Exactly how this will work and what it will cost will be determined following the results of a pilot that is taking place this winter. 
The pilot will run for three months working with trade bodies and workers from small and large employers across a range of sectors. In terms of training required for the new green card, we anticipate colleges and other industry-training providers will deliver this, while some larger employers may make arrangements to deliver the training either through in-house provision or through their existing relationships with awarding bodies.  
The training can be delivered in a variety of ways, including on-the-job training, computer-based courses, workbook and classroom delivery. However, this will ultimately be determined following the results of the pilot, which will also establish whether training providers’ and employers’ current training arrangements satisfy the criteria of the new qualification. We are keen to avoid duplication and unnecessary cost so existing courses can be reviewed by CITB to determine whether it meets the objectives of the new qualification. If it does there will be no need to undertake the new qualification. 
An awarding body will then independently assess labourers before they can apply for a CSCS green card. We are working with some of the leading players in construction and encouraging them to undertake assessments in a variety of ways with the aim of testing the best methods for delivery. A key consideration here is the literacy levels of a relatively high proportion of the people who undertake labouring occupations. So, while it is likely that this could be a written or computer-based test, there is no reason why it should not be a face-to-face interview with an assessor or some other audio-visual method if it is deemed suitable and as long as it is sufficiently rigorous.
Additional qualifications
CSCS has also recently commenced recognition of additional construction-related qualifications namely HNC, HND, degrees, NEBOSH construction certificates and national diplomas and CIOB certificates. People with these qualifications will be eligible to hold a CSCS academically qualified person (AQP) yellow/white card.  The aim here is to provide a stepping stone into the scheme while they gain vocational qualifications or membership of a recognised professional body.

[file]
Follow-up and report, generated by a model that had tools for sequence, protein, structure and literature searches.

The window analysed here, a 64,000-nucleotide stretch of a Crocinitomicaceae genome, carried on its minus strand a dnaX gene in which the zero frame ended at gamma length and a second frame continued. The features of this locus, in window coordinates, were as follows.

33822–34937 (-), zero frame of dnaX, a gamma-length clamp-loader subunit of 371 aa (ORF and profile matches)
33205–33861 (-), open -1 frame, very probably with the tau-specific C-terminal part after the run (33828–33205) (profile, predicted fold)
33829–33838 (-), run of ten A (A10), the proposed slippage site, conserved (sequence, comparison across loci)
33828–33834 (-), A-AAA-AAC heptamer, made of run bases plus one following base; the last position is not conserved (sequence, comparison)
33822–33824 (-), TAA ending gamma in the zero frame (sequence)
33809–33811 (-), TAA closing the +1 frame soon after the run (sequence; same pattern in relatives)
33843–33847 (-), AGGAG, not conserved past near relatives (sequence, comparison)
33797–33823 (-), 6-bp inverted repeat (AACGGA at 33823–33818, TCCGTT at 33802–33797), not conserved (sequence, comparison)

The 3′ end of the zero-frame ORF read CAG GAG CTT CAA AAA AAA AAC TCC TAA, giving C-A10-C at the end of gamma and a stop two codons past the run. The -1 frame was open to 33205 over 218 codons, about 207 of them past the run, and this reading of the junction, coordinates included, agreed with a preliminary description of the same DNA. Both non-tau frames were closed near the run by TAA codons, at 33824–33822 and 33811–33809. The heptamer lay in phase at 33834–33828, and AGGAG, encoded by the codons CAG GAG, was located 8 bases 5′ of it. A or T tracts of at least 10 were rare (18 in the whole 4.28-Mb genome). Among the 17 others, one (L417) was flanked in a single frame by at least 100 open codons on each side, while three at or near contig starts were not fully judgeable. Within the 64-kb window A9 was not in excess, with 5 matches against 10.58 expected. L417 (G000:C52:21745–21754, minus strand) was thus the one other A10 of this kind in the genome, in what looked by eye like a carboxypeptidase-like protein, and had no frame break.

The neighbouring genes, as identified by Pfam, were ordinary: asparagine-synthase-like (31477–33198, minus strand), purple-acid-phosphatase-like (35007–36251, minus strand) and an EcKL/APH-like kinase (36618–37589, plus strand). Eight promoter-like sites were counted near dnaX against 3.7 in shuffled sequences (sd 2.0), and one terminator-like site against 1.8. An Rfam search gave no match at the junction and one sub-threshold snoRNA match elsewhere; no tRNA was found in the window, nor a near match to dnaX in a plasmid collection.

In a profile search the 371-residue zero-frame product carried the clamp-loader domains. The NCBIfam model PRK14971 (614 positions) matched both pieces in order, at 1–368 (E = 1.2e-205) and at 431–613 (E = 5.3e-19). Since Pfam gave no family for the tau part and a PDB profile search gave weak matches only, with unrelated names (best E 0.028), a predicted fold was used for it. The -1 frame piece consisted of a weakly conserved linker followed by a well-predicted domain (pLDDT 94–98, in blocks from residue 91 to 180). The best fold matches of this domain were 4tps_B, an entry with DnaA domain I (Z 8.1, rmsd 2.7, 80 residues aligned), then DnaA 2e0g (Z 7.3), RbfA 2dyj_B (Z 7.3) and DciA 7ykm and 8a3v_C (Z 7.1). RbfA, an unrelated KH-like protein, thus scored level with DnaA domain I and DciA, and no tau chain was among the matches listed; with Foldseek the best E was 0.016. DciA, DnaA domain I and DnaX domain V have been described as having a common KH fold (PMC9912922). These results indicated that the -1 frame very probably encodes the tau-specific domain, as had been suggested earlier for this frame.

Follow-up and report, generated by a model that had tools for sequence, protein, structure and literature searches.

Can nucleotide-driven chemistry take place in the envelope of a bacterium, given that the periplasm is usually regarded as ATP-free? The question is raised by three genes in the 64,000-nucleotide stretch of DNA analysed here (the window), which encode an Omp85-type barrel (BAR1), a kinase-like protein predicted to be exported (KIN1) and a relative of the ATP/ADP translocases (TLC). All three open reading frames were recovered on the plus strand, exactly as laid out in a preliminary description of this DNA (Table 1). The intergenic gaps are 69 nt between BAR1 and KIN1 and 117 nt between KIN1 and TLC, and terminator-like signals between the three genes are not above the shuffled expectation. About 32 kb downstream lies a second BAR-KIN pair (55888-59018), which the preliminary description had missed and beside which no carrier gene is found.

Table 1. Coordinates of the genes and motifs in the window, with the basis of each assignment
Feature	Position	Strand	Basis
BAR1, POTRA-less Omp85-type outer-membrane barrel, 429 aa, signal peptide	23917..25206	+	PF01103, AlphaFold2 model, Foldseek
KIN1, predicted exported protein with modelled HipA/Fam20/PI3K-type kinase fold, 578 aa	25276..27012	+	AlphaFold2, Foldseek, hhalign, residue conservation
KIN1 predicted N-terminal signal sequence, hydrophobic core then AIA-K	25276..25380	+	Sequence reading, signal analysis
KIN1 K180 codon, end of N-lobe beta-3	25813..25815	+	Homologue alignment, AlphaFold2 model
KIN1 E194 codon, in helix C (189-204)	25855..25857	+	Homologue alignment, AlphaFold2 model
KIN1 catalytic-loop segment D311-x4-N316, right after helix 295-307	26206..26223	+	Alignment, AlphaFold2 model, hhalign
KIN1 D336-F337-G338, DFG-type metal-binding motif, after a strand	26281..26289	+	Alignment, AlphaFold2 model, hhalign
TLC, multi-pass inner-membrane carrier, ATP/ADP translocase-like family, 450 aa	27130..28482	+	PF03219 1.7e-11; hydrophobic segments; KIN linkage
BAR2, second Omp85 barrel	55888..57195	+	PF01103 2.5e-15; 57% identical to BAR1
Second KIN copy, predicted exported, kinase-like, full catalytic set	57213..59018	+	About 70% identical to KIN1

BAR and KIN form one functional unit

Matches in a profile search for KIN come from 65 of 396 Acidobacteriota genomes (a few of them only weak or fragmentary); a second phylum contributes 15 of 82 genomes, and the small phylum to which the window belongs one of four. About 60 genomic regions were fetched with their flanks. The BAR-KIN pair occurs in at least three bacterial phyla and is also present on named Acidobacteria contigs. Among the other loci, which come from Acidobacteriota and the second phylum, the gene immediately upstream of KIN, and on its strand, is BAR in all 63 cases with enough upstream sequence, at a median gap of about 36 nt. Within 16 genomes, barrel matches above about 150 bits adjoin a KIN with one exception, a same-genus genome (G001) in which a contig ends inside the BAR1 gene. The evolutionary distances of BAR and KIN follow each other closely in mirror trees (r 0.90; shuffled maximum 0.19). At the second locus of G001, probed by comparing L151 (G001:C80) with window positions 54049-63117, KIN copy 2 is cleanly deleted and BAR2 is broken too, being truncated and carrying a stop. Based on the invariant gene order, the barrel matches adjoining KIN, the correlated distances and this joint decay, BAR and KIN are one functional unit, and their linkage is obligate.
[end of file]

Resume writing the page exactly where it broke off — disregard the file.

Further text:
These initiatives are another step towards ensuring the scheme meets its aims. However, success will depend on how rigorously cards are checked on construction sites.  Contractors and their clients need to verify not only that everyone on their site has a current and valid CSCS card, but also that it is appropriate for the job they do. The site manager looking at the workers’ cards as they enter the site can, however, many have found this to be a time-consuming process and it is also likely to miss the increasing numbers of fake cards that are seen on sites as work levels start to increase again.
This was one of the main reasons that we introduced smart technology to CSCS cards.  This means that every CSCS card issued since 2010 has a smart chip, similar to those on credit cards, embedded in it. By putting the card into a reader connected to a PC or swiping it with an android phone with near field communications (NFC) technology the cardholder’s details can be instantly verified, so that their identity, together with the level of qualifications held, can be confirmed.
This technology brings other benefits.  By using in-house or third party expertise, relatively straightforward IT development work can be undertaken so that CSCS cards can be used as a key to access other databases. There are many applications where the technology can be used but a typical example is the ability to access training records so that site managers have up-to-date information on the additional training a worker has received.  They can also be linked to other systems, for example access control, so that contractors can determine the criteria relevant to allow workers to go through site gates and other safety critical areas.
CSCS have also developed a number of apps designed to address common on-site information capture and sharing needs. They can be used to check the validity of an employee’s card.
We believe that these changes will strengthen the scheme and reinforce its credentials as the most appropriate and suitable way for workers to demonstrate their suitability to carry out the work for which they are employed.
Graham Wren is chief executive of the Construction Skills Certification Scheme